|From left; Jennifer Fahlsing, Suzanne Bachner, Lorraine Dusky|
and Marcie Keithley at the IAN 2018 conference in Indianapolis,
Racing to Records, The Final Lap
Just back from a conference in Indianapolis organized by the Indiana Adoptee Network where I talked about you in the keynote speech. I told everyone how understanding you were when I told you about Jane in 1974, six years after she was born. I can still see us in the restaurant--you picked the place--on Michigan Avenue in Dearborn. We ordered drinks and lunch and between the drinks and the time the food came I told you that I'd had a child and given her up for adoption and furthermore, I was going to be public about it. It was time somebody had to be public, and that was going to be me.
|My mother, Victoria Dusky, daughter Jane in rear,|
granddaughter Kim at 3, and Lorraine
And then you said: I think you are doing the right thing. Everybody who's adopted must want to know who they are, don't you think? I'd want to know.
I never told you how deeply those words affected me and now, even though you've been gone since 1999, I hope this reaches you somehow. I've talked about you before, and I put the story in my recent memoir, Hole In My Heart--everybody says "your Mom was great!" and you would have been pleased and proud, I like to think. Back when nobody talked openly about relinquishing a child to adoption, I was going to be public about being that woman, and you made it so much easier with your instant and unqualified support.
|Pam and Marcie at work|
If you are going to be a speaker--and open the conference--you had better have something important and of value to say. I knew most of the people who were adopted in Indiana will be able to get their original birth certificates on July 2nd this year, and I knew many would be searching for and meeting up with mothers from my era. So I talked about what it was like way back in the supposedly swinging sixties (not really so swinging) and later, what it was like after Birthmark came out in 1979 and I was on a book tour all over the country.
|With author Barbara Robertson and Chrissie Gaddis; Barbara|
and I traded books--she contributed to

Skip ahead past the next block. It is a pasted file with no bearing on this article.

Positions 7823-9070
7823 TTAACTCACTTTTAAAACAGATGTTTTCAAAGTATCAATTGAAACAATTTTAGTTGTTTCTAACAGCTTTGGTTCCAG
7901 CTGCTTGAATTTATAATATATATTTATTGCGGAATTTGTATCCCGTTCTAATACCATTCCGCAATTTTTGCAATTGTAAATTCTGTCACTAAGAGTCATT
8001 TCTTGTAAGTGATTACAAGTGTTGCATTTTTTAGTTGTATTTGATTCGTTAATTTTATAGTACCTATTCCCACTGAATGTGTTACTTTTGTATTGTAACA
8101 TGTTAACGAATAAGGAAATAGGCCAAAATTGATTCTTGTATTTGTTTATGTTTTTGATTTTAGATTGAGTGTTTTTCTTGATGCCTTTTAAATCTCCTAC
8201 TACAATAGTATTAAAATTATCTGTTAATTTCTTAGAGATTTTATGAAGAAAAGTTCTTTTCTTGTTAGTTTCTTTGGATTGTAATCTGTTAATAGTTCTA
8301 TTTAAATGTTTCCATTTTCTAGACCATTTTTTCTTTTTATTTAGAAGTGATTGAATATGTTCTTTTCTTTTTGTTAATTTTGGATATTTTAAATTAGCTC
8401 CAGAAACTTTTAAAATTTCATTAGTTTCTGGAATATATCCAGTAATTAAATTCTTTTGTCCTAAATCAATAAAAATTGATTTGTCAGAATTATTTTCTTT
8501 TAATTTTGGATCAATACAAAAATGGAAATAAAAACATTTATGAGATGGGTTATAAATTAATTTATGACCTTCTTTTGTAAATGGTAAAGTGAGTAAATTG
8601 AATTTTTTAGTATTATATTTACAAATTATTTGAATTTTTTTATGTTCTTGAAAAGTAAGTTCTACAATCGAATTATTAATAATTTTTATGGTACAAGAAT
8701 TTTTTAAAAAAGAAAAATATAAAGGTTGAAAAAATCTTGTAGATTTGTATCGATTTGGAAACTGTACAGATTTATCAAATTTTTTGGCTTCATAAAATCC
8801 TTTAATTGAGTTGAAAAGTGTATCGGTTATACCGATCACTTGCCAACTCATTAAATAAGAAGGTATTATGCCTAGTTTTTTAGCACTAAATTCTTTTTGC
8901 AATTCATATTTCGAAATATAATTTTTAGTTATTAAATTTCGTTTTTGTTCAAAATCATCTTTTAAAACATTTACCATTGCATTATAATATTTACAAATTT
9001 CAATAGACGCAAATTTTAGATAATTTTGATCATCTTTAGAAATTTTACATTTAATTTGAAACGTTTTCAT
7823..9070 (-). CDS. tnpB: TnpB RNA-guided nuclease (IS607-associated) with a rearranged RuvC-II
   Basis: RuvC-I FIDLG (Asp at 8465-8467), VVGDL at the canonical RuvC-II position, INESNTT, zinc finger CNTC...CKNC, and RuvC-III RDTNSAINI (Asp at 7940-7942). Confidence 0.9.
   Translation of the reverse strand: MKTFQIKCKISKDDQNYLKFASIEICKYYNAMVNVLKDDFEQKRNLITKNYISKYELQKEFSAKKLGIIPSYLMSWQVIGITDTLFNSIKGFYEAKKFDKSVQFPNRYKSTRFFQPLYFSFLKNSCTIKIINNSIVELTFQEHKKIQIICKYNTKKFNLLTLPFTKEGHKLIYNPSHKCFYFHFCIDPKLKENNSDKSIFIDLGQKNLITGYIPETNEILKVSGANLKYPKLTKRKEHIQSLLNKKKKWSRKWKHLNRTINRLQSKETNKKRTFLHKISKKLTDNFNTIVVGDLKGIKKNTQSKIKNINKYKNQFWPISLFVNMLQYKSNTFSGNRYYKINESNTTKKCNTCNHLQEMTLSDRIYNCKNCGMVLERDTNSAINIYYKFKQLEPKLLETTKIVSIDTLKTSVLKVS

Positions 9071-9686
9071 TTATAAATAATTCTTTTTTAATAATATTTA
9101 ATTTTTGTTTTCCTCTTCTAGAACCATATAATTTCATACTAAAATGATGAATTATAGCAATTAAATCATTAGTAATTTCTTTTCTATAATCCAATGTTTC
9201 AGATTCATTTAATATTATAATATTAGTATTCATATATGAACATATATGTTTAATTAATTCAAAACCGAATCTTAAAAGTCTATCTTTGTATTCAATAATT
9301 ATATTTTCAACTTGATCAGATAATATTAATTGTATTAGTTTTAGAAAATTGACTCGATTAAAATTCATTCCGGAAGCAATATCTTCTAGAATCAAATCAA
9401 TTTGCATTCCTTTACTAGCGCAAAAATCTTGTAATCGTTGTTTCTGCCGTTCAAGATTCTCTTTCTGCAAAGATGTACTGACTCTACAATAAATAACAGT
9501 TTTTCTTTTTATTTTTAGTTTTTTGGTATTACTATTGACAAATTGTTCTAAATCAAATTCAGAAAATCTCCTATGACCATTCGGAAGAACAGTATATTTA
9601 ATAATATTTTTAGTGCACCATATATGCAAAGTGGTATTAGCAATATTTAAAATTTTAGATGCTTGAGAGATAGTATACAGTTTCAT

Black Anthology: Adult Adoptees Claim Their Space
I said I was still pretty much a pariah in polite society. People were still throwing the equivalent of rocks at me. You were there when that young woman in Windsor, Ontario excoriated me with her overt hatred. And you were there when the adopted guy I'd just met casually a few weeks earlier had a dozen red roses delivered on the set of the first TV interview. He hadn't signed his name, and so there was no way I could track him down to thank him.
|From left: Becky Drinnen and Eileen Drennen (surely they|
are related, right?) I'd met Eileen at an AAC conference in 2003.
Suzanne Bachner brought her fabulous one-woman performance piece (and the extremely talented woman who plays her, Anna Bridgforth) The Good Adoptee. Yow! It was utterly true, funny, sharp, smart, fearless, sad and crazy funny at the same time. The funny parts were amusing only because they reflected the absurdity of what adopted people go through to find out who they are, or more correctly what their original identity is. The script is powerful and Ms. Bridgforth gave a helluva performance.
|Suzanne Bachner and Anna Bridgforth in talk back|
after the performance Friday night
Richard Uhrlaub of Colorado legislation, where all records are totally unsealed, had time for a long chat; Cynthia Mcguigan, who I had met at a Heart to Heart conference in Boston a decade ago, got to know one another, and I met adoptees and mothers just hanging out in free time in the large room that was always open with coffee, soda and snacks.
That's the nub of it. What's really wonderful about these conferences for me--I'm not in search and you know Jane is gone--is the total sense of relief and understanding that goes way beyond words with these people, strangers in one sense, but life--the right word fails me--partners, connectors, buddies, friends who quite simply just get it. There's always someone looking at me with a flinty eye among strangers--here in the Hamptons I think that some people think I'm only someone obsessed with these issues and thank god, I started reviewing theater here a couple of years ago. At a dinner party I never know if I'm going to meet someone who doesn't know my story and when they find out they are going to bomb me with questions. Spilling your guts about the most terrible thing that ever happened to you over and over is exhausting.
At a conference like this one, that part of my life is a given and I can cry myself and comfort others, and totally be free and accepted. Nearly everyone here was a survivor of tragedy and trauma, and being together like this makes all of us feel less alone, less victimized, less like an outlier in society. Much love, your daughter--lorraine
PS--My speech is on Facebook at https://www.facebook.com/INADNET2018/?ref=br_rs
|The brain trust and me on the left next to Marcie, Pam, Jennifer, Alison Plavchak and Cynthia McGuigan. Looks like Marcie and I got the color block (in black and white) memo that morning.|